There are kits that have a thermal circuit and plug between the hard drive and cables to the 3.5" drive to allow other non-apple drives to be installed and still have the fans and diagnostics function normally. No need to short or modify fan speed with software that won't adjust for temperature properly. You just attach the thermal sensor to the drive and plug it in. Usually range from $50-$80 just for the cable, I'm really shocked I can't find them available from ifixit! Just ordered one from the US source.

westly197 - Reply

I successfully replaced my old 2TB HITACHI 3.5" drive (had only 50% health after 2 years left - monitored with "DriveDX") with a SEAGATE SSHD 2TB (+8GB SSD) 3.5" drive and everything works smoothly, INCLUDING TEMPERATURE AND FAN CONTROL (temperature can be read and "Macs fan control" adjusts the fan just right). I cloned my drive with "CarbinCopyCloner" before replacement and I just needed to press ALT when booting, selecting "Recovery" and point to the newly installed drive under "Restart from" (Do this if you see the folder icon with question mark)

eric - Reply

Eric where did you get this drive?

wjspencer -

It looks like "SSD Fan Control" http://exirion.net/ssdfanctrl/ might be an alternative to using the "OWC In-line Digital Thermal Sensor for iMac 2011 Hard Drive Upgrade"

Maybe I should send some bucks to "exirion" for providing the software without charge - there is a donation button.

johann beda - Reply

I have replaced a few hard drives lately. But on this occasion I replaced the drive with an SSD one and the computer powers on but the screen remains blank. I have checked all the cables are attached. Tried putting the original drive back in. Still blank. any ideas anyone?

info theiMan - Reply

quick and easy, took me about 20 minutes to swap it out. no problems with fan speed or anything else.

dylanishihara - Reply

FAN SPEED PROBLEM -> FIXED FOR FREE

When replacing HD with same (newer model) type and brand the fan-full-speed problem still occurred. Reason: All HD's not sold by Aplle Store don't have required special apple firmware to handle the Apple built-in fan controls. Fix: FREE program: http://www.crystalidea.com/products?ref=... Don't spend money.

OVERHEAT PROBLEM / CLICKING HD

My medio 2001 iMac heats more then box windows pc: large screen that generates heat very close to components. When you hear the HD "click click", it's safe to say your HD is running too hot. Play with settings in Mac Fan Control prog to find the "no click"-setting. Check manual HD.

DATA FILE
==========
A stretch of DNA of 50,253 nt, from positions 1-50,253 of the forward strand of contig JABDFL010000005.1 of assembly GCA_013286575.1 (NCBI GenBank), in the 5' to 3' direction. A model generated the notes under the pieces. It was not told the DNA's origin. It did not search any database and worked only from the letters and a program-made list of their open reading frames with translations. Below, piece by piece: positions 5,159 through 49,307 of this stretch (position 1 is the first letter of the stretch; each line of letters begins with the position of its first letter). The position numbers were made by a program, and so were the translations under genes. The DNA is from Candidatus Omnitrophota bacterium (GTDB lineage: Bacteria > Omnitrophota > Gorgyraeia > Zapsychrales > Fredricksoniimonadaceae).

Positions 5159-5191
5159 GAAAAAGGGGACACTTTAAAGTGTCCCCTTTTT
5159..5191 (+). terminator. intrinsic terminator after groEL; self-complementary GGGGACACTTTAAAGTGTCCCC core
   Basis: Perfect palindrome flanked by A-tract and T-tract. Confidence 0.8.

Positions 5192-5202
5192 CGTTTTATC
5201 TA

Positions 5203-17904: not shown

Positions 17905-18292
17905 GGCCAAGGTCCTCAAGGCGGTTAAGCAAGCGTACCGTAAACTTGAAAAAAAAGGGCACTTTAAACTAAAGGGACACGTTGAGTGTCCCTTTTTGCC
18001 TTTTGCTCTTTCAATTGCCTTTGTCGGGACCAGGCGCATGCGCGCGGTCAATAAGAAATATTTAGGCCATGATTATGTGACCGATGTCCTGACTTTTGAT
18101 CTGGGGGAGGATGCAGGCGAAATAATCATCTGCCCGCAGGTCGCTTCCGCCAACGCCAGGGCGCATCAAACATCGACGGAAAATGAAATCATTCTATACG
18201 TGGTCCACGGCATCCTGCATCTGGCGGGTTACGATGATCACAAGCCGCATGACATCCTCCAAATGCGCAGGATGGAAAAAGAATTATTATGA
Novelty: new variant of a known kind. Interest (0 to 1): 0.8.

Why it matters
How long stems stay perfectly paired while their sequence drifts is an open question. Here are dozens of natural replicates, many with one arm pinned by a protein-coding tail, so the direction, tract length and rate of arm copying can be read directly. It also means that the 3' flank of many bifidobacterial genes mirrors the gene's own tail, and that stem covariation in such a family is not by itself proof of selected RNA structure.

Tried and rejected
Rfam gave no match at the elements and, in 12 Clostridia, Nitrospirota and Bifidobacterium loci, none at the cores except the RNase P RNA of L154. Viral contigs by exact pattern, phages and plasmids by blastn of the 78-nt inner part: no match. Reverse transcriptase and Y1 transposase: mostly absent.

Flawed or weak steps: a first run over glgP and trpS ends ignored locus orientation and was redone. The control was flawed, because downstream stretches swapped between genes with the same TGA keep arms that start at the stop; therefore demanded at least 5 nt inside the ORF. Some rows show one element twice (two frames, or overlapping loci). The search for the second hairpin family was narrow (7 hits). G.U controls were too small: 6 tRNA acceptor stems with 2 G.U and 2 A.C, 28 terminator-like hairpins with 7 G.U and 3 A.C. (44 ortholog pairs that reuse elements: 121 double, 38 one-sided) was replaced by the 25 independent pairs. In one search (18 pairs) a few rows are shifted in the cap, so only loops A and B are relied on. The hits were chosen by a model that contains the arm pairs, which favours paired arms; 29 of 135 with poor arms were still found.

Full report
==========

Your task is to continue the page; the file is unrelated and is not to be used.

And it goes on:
SLOW MAC = HOT MAC = BURNING HARD DRIVE TOO MUCH

Macrunning slow? check available RAM in Activity Monitor. If it's less then 1 gig, by some more. Dead cheap at +- 50$ / 4 gig.

EU USERS OF IFIXIT

1) Google for iFixIt Europe to find a German based webstore.

2) Buy kit + the screwset, the screws are USA type.

It's dead easy, took me 30 min.

Good luck!

marijndepraetere - Reply

Question for folks. I have a 3TB drive (WD Caviar Green) that is out of an Apple Time Capsule (the wireless bit died) that I was going to put into my iMac. It's got the Apple logo on it. Does anyone know if this will work without needing the cable or special software?

wyn - Reply

I did this upgrade - Samsung 850 EVO SSD - Adaptadrive & Sensor. The computer won't start now - won't even try to start. I think that the connection at the very top left of the screen to the back might not be correct - it might be broken. How do I deal with that? I went to an authorized Apple store and they said they won't look at it because I messed with it on my own.

Theresa S - Reply

All I had to do was disconnect the vertical sync cable. I supported the LCD with 2 Bic pens and had great access to the hard drive. There was no fan control on the HD. Everything went back together and it works perfectly. It took less than 15 minutes from start of repair to reboot.

jwlussow - Reply

Same for me, no fan control cable, and I even bought the part and had it ready! And I agree, removing the whole panel is overkill, once you get that thin top cable detached it will lift out pretty far and gives plenty of access.

Robert J. Carr -

Took an hour because I was taking my time and blew out all the nasty dust that permeated the entire inside of the nearly 4 year old iMac. Used an AdaptaDrive with an OWC thermal sensor, and a Samsung 850 EVO 1TB. Unscrewed the pins on the drive and the bracket on top and attached that hardware to the AdaptaDrive frame. Cloned the drive ahead of time and when powered up, the thing screamed to the desktop. Fans are both sitting at ~1150 RPM. So, success!

cvolek - Reply

Added new SSD in place of HDD. I used the method without removing screen, just removing first wire and supporting it on whiteboard markers. I had to drill an extra hole in the upper bracket because it's screw holes were too far away. I used regular 5.5mm drill head, and you can swap the rubber hole inserts to the new hole. It allowed me to easily add the SSD with simple ADATA bracket I got for free with my Samsung EVO. I know you can get 'the right one', but I did with what I had.

kursisskaspars - Reply